Another way to harvest is to start the curing process by partially removing the onions from the ground, leaving part of the bulb exposed. The onions will begin to dry out and cure while still in place. You should cure your onions for at least two weeks and in some cases, it is recommendable to cure them a full month.
You can then chop off the top of the onion with a sharp, clean knife or a pair of pruners. Leave just a little of the top part of the onion intact. As you cut the tops of the onions for storage, check for damage such as cuts and bruises on the main bulb. Also check for evidence of disease.
If the onions are stored too close together, there is the potential for the disease to spread from one onion to the next. Please see our troubleshooting guide to learn more about common diseases that affect onions and how to treat them.
Bolting occurs when your onions send up flower stalks. If you see flower stalks emerging from your onions, harvest them immediately. Unfortunately, onion bulbs will not grow any larger once they bolt. Another problem is that the flower stalk comes from the center of the onion bulb. Therefore, you should eat these onions quickly as they do not store well after bolting.
Harvesting Green Onions
In most cases, green onions are actually bulb onions that have not reached full maturity. You can grow green onions from most standard onion varieties. If you grow large batches of onions, you can actually harvest a few of your onions early as green onions and then let the rest form bulbs for a later harvest. This is a useful technique for thinning your onion plot as well.
There are some varieties of onions such as Beltsville Bunching that will actually not form bulbs and are used specifically for green onions. They form groups of thin root-like structures instead of bulbs. These are often referred to as bunching onions or scallions.
You can harvest green onions when the tops of the onions grow to about 5 inches high. The longer you let them grow, the more potent their flavor will be. Take into account that if you leave them for a long time the flavor may be too strong for salads, etc. You’re best to cook these onions rather than eating them raw.
You can harvest the green parts of the onions about a month after planting sets. Transplants will also provide green onions about a month after planting. Some onion varieties are better than others for growing green onions. Please see our list of recommended onions for the best ones to grow green onions.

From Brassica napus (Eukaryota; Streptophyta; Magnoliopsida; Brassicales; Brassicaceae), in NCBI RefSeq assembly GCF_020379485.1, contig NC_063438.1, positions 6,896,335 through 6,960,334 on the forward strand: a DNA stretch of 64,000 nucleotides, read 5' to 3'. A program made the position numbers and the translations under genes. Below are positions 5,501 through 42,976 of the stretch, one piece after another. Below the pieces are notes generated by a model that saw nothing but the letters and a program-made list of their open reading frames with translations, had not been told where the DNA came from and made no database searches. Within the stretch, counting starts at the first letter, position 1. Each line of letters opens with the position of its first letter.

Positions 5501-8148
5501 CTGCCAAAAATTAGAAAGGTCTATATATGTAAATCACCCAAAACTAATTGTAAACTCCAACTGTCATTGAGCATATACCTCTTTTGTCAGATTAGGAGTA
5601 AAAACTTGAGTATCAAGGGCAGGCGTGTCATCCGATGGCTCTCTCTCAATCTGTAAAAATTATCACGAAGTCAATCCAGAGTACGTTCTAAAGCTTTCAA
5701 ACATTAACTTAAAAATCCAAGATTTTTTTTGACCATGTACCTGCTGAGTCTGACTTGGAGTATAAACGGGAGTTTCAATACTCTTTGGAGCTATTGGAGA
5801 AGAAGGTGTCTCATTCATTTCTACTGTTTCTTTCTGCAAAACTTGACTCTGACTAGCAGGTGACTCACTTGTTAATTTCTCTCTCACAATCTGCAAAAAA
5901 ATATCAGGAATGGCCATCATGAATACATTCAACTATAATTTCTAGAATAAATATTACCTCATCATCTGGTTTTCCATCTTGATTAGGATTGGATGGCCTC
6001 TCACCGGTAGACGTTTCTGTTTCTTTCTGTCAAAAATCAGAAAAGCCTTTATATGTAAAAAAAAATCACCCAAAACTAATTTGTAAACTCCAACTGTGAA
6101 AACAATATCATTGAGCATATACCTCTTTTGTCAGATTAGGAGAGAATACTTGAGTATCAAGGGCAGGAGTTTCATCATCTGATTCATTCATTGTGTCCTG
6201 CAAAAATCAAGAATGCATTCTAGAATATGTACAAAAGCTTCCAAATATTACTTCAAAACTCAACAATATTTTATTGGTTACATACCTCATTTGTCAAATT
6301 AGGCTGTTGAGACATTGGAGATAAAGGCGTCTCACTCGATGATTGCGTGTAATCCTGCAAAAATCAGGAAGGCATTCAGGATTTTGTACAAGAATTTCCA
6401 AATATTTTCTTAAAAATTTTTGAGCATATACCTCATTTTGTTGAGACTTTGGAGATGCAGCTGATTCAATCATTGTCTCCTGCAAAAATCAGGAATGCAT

Be warned that bolting, or when the plants start to produce flower stalks, can happen under certain circumstances when growing onions. In these cases, it’s best to pull out these plants as soon as possible and use the green onions. Unfortunately, you won’t be able to use these onions as bulb onions.
Ideal Growing Conditions for Onions
The essential requirements for a good soil for growing onions are plenty of organic material, sufficient drainage, and regular weeding. If a soil has the proper combination of sand and hummus and you can easily work it, it should hold moisture and nutrients well and should drain properly. Adding compost to your soil is a great idea and will always improve soil texture and drainage.
Sandy soils need to be worked with compost before growing onions for the first time. Break up the soil in the fall and work in the compost. If time permits, allow the soil to sit and plow again in the spring before planting your onion crop. Otherwise, you can break up the soil and add the compost just before planting in the spring. Just make sure the compost is fully decomposed. If you’re not sure how to compost correctly, please see this excellent compost guide from the University of Missouri Extension Center.
It is generally appropriate to grow onions where you have grown other crops before. In fact, if you’ve kept your garden weed-free, this can help improve the texture of your soil. Corn, beans, and potatoes are suitable crops with which to precede onions. Cowpeas are also excellent for conditioning the soil before planting a large crop of onions.